Anonymous Club takes on a similar emotional shape to Barnett’s music, but largely fails to capture the same level of nuanced artistry.
Danny Cohen’s Anonymous Club derives its title from a 2013 song by Australian singer-songwriter Courtney Barnett. On it, she conjures a mysterious but cozy atmosphere while singing about sharing a private moment with a friend. The coexistence of anonymity and togetherness is a central conceit of Cohen’s film, as it aims to draw a line from Barnett’s vulnerable music to the way it resonates with fans around the world. Near the beginning of the film, we hear Barnett explain that she had a comment box on her website and asked people to share how they felt. There were thousands of responses, and people were sad, hopeless, and tired. “A lot of people feel alone — maybe they’re not so alone.” The point, as is made throughout the film, is that Barnett makes people feel seen.
Anonymous Club functions like a tour diary for most of its runtime, but is more broadly a portrait of Barnett’s daily life. Shot on 16mm, it looks especially beautiful when we watch her on the road, but it largely looks inward, so we often watch Barnett in close quarters playing music or milling about. Notably, she considers her anxieties and depression, and for three years she kept an audio diary whose clips are excerpted and presented atop various scenes. She performs live, and occasionally suffers from imposter syndrome, wondering if the lack of audience reaction is a result of her fraudulence. She thinks about a fan who told her she was a horrible interviewee and should stick to music. Some days she wakes up sad, and there’s no real reason behind it.
These raw depictions of one’s everyday mental health struggles are occasionally stirring, but Anonymous Club rarely aims to be anything more than that. In one sense, this makes the film almost dead on arrival, as it functions as a far less effective piece of emotional art than Barnett’s own music. Across her discography, she sings with frankness and wit, and the fact that her music is simultaneously introspective and catchy makes the more melancholy lyrics more impactful — the dissonance is striking. Cohen’s film has a similar effect, but it’s considerably less interesting, as it usually boils down to showing crowds of people who are strongly entranced by her music. Barnett’s lyrics can vary in themes and moods, but the general point of Anonymous Club is always the same — the music provides a moment for collective bonding. Cohen even recognizes this when juxtaposing a scene where Barnett’s asked by a television host to explain who the song “I’m Not Your Mother, I’m Not Your Bitch” is directed to, and then is seen performing it live in a different setting; the raw energy of the track is enough, and getting into the weeds about a song’s particulars isn’t nearly as cathartic.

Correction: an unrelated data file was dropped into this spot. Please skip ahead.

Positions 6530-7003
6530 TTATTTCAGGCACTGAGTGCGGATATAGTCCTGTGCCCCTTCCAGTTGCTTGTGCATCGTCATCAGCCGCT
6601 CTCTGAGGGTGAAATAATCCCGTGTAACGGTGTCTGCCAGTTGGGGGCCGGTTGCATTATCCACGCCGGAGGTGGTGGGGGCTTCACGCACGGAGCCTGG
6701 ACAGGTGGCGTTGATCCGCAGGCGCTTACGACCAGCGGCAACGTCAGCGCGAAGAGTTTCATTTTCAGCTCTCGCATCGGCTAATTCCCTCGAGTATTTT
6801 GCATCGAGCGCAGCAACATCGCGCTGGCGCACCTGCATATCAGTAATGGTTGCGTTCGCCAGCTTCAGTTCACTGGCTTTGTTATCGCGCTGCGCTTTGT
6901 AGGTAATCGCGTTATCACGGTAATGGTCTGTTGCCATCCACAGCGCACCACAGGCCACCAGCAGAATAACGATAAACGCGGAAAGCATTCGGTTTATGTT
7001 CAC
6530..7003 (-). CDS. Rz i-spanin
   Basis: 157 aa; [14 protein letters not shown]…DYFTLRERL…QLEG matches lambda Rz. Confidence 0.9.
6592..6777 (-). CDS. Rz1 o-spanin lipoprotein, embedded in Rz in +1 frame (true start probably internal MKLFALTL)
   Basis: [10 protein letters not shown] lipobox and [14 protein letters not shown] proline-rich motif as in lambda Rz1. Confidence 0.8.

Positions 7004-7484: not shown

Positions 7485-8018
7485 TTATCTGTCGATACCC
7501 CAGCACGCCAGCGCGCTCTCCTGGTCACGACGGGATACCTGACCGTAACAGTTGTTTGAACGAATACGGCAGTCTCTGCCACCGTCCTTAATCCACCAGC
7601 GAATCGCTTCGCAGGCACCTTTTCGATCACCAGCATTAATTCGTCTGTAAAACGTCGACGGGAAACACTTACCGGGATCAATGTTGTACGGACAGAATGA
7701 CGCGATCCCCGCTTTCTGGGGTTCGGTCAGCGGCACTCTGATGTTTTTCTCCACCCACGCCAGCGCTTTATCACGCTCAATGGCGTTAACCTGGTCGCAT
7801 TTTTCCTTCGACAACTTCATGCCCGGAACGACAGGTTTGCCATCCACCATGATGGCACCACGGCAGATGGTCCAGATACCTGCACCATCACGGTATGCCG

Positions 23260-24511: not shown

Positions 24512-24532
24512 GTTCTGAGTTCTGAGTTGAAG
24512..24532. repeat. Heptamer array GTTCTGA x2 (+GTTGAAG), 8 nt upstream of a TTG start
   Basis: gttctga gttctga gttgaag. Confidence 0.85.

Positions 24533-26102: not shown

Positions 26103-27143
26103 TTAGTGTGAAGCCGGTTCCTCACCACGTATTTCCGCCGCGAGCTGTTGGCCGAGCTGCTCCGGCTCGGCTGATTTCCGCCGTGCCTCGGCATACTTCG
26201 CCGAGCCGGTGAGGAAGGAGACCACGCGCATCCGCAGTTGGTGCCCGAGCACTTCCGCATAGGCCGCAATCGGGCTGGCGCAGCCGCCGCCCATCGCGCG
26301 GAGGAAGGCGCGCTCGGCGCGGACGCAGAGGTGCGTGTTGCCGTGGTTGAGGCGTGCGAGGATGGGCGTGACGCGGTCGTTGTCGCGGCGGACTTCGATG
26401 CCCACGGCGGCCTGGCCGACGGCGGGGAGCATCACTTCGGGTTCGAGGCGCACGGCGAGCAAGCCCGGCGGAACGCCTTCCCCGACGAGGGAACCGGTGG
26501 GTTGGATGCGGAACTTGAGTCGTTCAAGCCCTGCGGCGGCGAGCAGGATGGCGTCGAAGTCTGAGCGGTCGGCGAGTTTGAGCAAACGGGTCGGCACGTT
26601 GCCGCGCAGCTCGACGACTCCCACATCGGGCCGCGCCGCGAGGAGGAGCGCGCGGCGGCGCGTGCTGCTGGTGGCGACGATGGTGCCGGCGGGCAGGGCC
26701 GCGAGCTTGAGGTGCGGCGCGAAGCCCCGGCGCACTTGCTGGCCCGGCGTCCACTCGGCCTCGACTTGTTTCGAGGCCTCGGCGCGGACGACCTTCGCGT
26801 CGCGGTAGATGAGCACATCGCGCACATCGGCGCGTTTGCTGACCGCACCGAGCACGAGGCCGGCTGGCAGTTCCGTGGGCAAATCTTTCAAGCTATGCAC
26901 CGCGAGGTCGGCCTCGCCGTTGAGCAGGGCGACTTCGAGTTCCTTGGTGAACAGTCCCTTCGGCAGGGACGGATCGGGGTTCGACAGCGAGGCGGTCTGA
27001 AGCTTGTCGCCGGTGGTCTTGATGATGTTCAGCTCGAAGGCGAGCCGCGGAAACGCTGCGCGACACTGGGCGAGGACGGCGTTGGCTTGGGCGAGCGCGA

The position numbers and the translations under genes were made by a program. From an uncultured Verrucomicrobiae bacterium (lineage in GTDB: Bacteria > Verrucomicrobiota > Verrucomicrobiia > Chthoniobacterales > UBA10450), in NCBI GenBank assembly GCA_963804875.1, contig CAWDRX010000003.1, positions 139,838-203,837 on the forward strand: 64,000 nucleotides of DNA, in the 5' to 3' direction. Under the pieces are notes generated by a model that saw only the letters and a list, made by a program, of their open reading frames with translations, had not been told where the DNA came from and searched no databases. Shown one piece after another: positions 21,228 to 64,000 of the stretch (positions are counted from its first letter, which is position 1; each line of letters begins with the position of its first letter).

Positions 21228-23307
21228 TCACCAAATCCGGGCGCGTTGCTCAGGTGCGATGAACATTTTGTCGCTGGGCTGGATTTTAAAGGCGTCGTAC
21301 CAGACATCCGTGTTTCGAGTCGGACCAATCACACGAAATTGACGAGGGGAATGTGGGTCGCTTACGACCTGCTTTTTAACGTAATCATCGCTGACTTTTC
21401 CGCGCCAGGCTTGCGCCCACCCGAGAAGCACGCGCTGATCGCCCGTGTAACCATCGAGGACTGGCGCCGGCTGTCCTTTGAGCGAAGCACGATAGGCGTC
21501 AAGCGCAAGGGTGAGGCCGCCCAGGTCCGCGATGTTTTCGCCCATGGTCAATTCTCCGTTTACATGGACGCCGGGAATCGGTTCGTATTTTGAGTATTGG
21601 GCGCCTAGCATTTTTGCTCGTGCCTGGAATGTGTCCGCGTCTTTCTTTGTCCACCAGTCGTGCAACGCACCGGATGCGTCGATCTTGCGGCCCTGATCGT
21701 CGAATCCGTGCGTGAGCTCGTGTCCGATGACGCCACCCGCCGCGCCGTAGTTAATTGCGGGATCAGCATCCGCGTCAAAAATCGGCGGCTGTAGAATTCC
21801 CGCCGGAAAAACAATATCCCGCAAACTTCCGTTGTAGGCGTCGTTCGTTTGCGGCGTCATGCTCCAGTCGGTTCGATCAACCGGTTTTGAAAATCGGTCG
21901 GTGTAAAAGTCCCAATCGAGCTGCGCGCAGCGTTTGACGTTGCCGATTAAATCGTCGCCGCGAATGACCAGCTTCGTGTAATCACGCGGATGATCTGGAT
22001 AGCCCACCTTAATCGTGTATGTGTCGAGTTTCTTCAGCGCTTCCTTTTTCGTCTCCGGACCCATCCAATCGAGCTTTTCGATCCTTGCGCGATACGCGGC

But on the whole, Cohen’s creative decisions are hit or miss. At times, when Barnett is sharing some deeper ruminations, he ladles cinematic ambience atop them to heighten the mood. It’s a shallow maneuver that undercuts the power of Barnett’s own musings. It’s glaringly obvious that most of the film’s best moments are when we simply watch Barnett perform live; everything else often feels like scaffolding. There is one moment, however, when Cohen wisely decides to cut to black as we hear Barnett playing her guitar and repeatedly singing, “Stick a needle in my eye, I wanna die.” It’s another instance where we can see how her music is far more moving than anything the film itself can offer. And at its end, Barnett explains that her main goal is to empower people. Barnett’s music will remain affecting, and fans won’t need Cohen’s film to prove any of that.